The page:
The IRS announced Thursday that it will suspend its examination of possible gift taxes owed for prior contributions to nonprofit advocacy groups, which are poised to be influential players in the 2012 elections.
Roll Call reported in May that the IRS had begun enforcing an oft-ignored statute that requires individuals to pay a tax on money given to nonprofit advocacy organizations that are tax-exempt but not charitable in mission. Donors who had given generously to the type of influential nonprofit groups known as 501(c)(4) organizations, which proliferated during the previous election cycle thanks to their ability to shield donors from public disclosure, had begun receiving notices from the IRS that their tax returns are being examined.
“Recently, questions have arisen regarding the applicability of the gift tax to contributions to 501(c)(4) organizations. The Internal Revenue Service has little history to draw from in this area and the limited guidance we previously issued on this matter is almost thirty years old,” the agency wrote in a statement issue. “While we review the need for additional guidance or legislation, we will not use resources to pursue examinations on this issue. Any future action we take will be prospective and after notice to the public.”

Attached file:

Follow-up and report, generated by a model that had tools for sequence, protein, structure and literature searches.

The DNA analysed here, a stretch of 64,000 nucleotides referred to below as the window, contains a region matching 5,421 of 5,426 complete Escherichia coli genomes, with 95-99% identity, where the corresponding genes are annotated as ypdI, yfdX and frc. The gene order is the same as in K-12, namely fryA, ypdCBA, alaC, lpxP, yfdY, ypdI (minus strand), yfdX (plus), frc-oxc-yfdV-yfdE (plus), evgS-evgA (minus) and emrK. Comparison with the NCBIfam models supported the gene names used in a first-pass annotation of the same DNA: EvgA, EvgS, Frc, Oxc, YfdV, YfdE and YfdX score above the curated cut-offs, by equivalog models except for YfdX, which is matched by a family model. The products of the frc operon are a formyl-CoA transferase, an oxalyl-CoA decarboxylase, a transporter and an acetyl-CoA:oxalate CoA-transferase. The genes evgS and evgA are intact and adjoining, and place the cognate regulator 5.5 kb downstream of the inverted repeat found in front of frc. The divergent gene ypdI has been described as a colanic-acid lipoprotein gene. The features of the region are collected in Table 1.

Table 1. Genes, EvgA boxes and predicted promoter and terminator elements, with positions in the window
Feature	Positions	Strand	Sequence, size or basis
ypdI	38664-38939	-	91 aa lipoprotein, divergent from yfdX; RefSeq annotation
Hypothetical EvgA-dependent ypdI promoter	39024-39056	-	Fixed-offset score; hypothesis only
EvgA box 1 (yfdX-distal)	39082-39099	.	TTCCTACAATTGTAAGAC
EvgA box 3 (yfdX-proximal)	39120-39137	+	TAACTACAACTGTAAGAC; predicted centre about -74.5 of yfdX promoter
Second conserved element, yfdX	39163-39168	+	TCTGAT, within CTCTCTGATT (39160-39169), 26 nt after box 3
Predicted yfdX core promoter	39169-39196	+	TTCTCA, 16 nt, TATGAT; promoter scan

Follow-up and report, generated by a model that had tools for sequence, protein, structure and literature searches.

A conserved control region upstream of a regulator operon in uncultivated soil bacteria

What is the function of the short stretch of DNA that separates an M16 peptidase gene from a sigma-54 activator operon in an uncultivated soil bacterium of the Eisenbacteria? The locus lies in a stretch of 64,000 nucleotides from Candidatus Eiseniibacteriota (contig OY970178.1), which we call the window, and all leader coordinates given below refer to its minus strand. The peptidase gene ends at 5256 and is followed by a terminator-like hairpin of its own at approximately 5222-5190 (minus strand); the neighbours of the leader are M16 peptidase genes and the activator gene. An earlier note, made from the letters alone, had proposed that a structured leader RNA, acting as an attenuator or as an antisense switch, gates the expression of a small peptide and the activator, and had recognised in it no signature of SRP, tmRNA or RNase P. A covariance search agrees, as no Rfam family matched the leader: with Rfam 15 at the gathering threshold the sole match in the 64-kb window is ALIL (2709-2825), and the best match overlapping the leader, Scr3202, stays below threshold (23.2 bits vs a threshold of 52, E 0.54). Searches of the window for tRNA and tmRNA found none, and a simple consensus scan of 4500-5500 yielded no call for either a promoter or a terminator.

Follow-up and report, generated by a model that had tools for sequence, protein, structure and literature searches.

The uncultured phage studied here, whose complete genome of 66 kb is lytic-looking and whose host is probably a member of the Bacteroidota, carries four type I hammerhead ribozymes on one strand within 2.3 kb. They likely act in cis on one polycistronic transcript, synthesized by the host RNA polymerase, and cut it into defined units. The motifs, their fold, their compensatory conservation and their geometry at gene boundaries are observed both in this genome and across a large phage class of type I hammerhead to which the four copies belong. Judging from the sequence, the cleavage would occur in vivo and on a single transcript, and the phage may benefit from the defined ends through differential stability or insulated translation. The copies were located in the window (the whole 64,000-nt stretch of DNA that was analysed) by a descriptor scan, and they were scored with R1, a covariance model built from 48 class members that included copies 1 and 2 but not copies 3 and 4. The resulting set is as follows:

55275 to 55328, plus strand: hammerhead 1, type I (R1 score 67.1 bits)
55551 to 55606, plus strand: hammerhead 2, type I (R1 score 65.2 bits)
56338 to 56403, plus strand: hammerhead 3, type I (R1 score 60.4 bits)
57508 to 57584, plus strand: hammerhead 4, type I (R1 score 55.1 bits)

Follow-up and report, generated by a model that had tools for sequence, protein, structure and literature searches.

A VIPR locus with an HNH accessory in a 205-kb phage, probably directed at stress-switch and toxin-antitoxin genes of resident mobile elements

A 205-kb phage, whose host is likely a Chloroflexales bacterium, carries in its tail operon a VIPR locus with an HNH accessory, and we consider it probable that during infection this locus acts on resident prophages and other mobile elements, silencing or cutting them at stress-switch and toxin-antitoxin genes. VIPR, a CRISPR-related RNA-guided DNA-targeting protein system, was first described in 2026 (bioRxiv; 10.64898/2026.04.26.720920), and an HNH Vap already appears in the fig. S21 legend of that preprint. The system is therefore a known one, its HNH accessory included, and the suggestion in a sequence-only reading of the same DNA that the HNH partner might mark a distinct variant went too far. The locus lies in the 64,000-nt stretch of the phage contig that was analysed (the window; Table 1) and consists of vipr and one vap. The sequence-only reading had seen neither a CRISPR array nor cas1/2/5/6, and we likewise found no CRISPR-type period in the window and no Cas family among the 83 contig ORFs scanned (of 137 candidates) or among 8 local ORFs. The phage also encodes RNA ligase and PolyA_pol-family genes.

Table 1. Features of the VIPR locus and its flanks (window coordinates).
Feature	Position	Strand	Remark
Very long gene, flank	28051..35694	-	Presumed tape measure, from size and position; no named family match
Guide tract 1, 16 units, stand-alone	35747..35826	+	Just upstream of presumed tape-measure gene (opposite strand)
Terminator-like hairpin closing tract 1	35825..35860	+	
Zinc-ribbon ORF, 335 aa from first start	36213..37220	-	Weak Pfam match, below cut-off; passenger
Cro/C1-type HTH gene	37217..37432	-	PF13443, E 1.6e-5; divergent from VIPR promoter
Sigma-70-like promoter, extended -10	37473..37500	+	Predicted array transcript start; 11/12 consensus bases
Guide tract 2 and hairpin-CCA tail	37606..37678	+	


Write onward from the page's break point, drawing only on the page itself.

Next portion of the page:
For decades, the IRS had done little to collect such taxes, but when nonprofit 501(c)(4) organizations emerged as powerful players in the previous election cycle, they caught the agency’s attention.
“As we consider this issue, it is possible that Congress may choose to clearly articulate through legislation the applicability of the gift tax to contributions to 501(c)(4) organizations,” the IRS wrote in Thursday’s statement.
Terri Henderson, 6, center, whose mother is El Salvador, attends a rally with members of Congress at Union Station's Columbus Circle to announce the Restore Opportunity, Strengthen, and Improve the Economy (ROSIE) Act on July 29, 2014. The legislation provides incentives for government contractors to pay a living wage and other benefits that would help low-income workers.